"(2) It is as well settled that a case is not one of exclusive federal jurisdiction merely because a patent is the subject matter of the action. The state courts may try questions of title and may construe and enforce contracts relating to patents. New Marshall Engine Co. v. Marshall Engine Co., 223 U.S. 473. In that case it was held that the courts of Massachusetts had jurisdiction to decree specific performance of a contract to assign future improvements on a certain patent and a judgment of the state court was affirmed, by which the patentee of the improvements and his assignee, with notice of complainant's right, were required to assign to the latter in compliance with the patentee's covenant so to do. And it has been held that, in such case, a state court may, incidentally, enjoin the sale of articles manufactured under the patent, provided it does not determine questions of infringement. By-Products Recovery Co. v. Mahee, 288 Fed. 401.
"(3) The test for determining whether the jurisdiction of a particular case is in the federal or state courts has been thus stated by the Supreme Court of the United States: 'There is a clear distinction between a case and a question arising under the patent laws. The former arises when the plaintiff in his opening pleading . . . sets up a right under the patent laws as ground for a recovery. Of such the state courts have no jurisdiction.' Pratt v. Paris Gaslight Coke Co., 168 U.S. 255. In the present case plaintiff alleges in its petition that defendant denies plaintiff's right to make and sell the articles covered by certain patents held by it by assignment from one Scoggin, the patentee, and is threatening plaintiff's customers, actual and prospective, with actions for damages, if they purchase of plaintiff articles made by it under those patents.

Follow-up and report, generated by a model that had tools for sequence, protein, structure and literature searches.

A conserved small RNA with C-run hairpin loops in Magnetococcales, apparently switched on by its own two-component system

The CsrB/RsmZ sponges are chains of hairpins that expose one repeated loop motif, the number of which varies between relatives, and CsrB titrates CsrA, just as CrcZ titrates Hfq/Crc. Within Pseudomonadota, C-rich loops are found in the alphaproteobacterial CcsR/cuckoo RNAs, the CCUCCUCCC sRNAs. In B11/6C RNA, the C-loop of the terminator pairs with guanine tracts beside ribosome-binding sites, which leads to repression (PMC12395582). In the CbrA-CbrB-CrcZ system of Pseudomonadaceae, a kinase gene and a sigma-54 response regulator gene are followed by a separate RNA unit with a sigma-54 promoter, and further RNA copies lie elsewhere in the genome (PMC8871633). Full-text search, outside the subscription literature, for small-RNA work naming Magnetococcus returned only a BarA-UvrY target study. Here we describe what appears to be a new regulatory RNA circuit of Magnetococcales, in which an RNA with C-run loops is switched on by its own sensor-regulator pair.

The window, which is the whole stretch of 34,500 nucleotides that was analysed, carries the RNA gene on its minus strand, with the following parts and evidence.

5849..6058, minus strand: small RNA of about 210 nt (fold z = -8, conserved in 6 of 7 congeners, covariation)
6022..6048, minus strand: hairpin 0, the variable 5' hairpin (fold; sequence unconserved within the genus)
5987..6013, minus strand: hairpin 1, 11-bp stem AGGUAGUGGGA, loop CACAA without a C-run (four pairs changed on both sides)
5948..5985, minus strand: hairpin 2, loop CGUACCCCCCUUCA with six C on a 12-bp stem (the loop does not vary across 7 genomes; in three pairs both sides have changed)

"This action was brought under the Declaratory Judgment Act of this state, and strictly speaking, no 'recovery' is prayed. The prayer is for a declaration that plaintiff is the owner of the patents in question, and has the right to make, use, and sell the articles covered by those patents. Plaintiff also alleges that defendants' interference with its business is attempted to be justified by its ownership of certain older patents which plaintiff says have long since expired, and it prays judgment establishing its right to make, use and sell articles described in those expired patents.
"I think it can make no difference that this action is brought under the Declaratory Judgment Act. It is a case in which rights under the patent laws are asserted and, by the test given us by the Supreme Court in Pratt v. Paris Gaslight Coke Co., supra, is a 'case' arising under the patent laws. It is, therefore, a case of which the courts of the United States have exclusive jurisdiction. This conclusion seems to be fully supported by Atherton Machine Company v. Attwood-Morrison Company, 102 Fed. 949, a case relied upon by both sides.